– There is still very high activity, and it may indicate that we reach an all-time high for a single month in our company, says CEO Terje Buraas in DNB Eiendom.
According to Buraas, DNB sells between 10 and 15 percent more properties in September this year compared to the same month last year.
Normally, prices fall by between 1 and 1.5 per cent in September.
– In our numbers, we seem to be a little down, but not much. I assume that we are between 0 and -1 percent on a national basis, says Buraas.
In Oslo, three out of four homes DNB sells now go for a price quote or more.
– Normally, Oslo prices also fall in September, while we have a flat development in our portfolio, ie we are around zero, says Buraas.
– Interest rates are by far the strongest driver
In summary, this is the wildest housing year I have experienced in my 25 years in the industry, says Buraas.
From a total collapse on 12 March, the housing market has moved to turnover records every month from May.
– If this continues into the last quarter, then almost five percent more homes will be sold this year than last year. If anyone is wondering if low interest rates are affecting the housing market then they can write textbooks about this year. Interest rates are by far the strongest driver of the activity, and we Norwegians have underlying good faith in their own financial future, says Buraas.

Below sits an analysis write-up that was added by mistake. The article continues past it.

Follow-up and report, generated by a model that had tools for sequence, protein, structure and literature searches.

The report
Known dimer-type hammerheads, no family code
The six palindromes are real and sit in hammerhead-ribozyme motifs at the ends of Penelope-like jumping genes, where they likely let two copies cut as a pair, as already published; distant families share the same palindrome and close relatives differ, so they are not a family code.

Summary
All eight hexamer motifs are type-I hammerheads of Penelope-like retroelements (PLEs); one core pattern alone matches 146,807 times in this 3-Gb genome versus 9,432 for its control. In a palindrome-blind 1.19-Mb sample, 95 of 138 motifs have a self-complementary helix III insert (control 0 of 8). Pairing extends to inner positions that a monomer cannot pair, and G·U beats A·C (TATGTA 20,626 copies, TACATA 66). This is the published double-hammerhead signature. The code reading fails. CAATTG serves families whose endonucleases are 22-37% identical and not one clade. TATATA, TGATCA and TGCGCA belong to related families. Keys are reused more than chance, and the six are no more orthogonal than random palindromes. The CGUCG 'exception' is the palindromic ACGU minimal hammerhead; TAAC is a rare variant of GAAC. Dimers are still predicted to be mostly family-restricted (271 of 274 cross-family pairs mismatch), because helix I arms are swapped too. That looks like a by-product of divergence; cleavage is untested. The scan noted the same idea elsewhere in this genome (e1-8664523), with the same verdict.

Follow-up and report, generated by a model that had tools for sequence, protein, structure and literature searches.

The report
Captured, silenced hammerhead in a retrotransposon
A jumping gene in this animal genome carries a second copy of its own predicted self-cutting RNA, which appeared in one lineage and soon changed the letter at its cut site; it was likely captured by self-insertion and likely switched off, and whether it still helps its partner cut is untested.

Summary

This is how house prices have developed on a national basis in September in previous years, nominally:
2016: 0 %
Source: Eiendom Norge, Eiendomsverdi, Finn.no
– I think inflation is now slowing down somewhat
Kent Victor Syverstad, CEO of Eiendomsmegler 1, states that the chain has so far sold 11 per cent more Oslo homes this month compared with last year’s September, and believes it could be a record month.
– We believe that inflation will now slow down somewhat. In Oslo will see a smaller price increase in September of 0.4 to 0.5 percent, Syverstad estimates based on its own figures.
The country as a whole does not have Syverstad as good an overview of, but thinks it will end with a small price drop.
He says there is still a very high demand for smaller apartments in Oslo. One-, two- and three-room apartments are sold very quickly and at good prices, according to Syverstad.
– Around 75 percent of the homes we sell go to or above the suggested price. If we collect the “smaller” apartments in Oslo, around 85 per cent goes to or above the suggested price, and the turnover rate is very high, says Syverstad.
He believes the price development will remain moderate in Oslo in the future.
– Will exclude more
On Monday, Finanstilsynet proposed tightening housing lending.
If Finanstilsynet gets approval for a proposal to reduce the maximum borrowing from five 5 to 4.5 times the income, this will have unfortunate consequences for young people and especially for Oslo, Syverstad believes.
– It will provide even greater class differences for those with and without the family bank in the back. We believe that in a short picture it has less significance for price development, but will exclude more people from entering the housing market, says Syverstad.
On Monday 5 October, Eiendom Norge will present its nationwide second-hand housing statistics for September.
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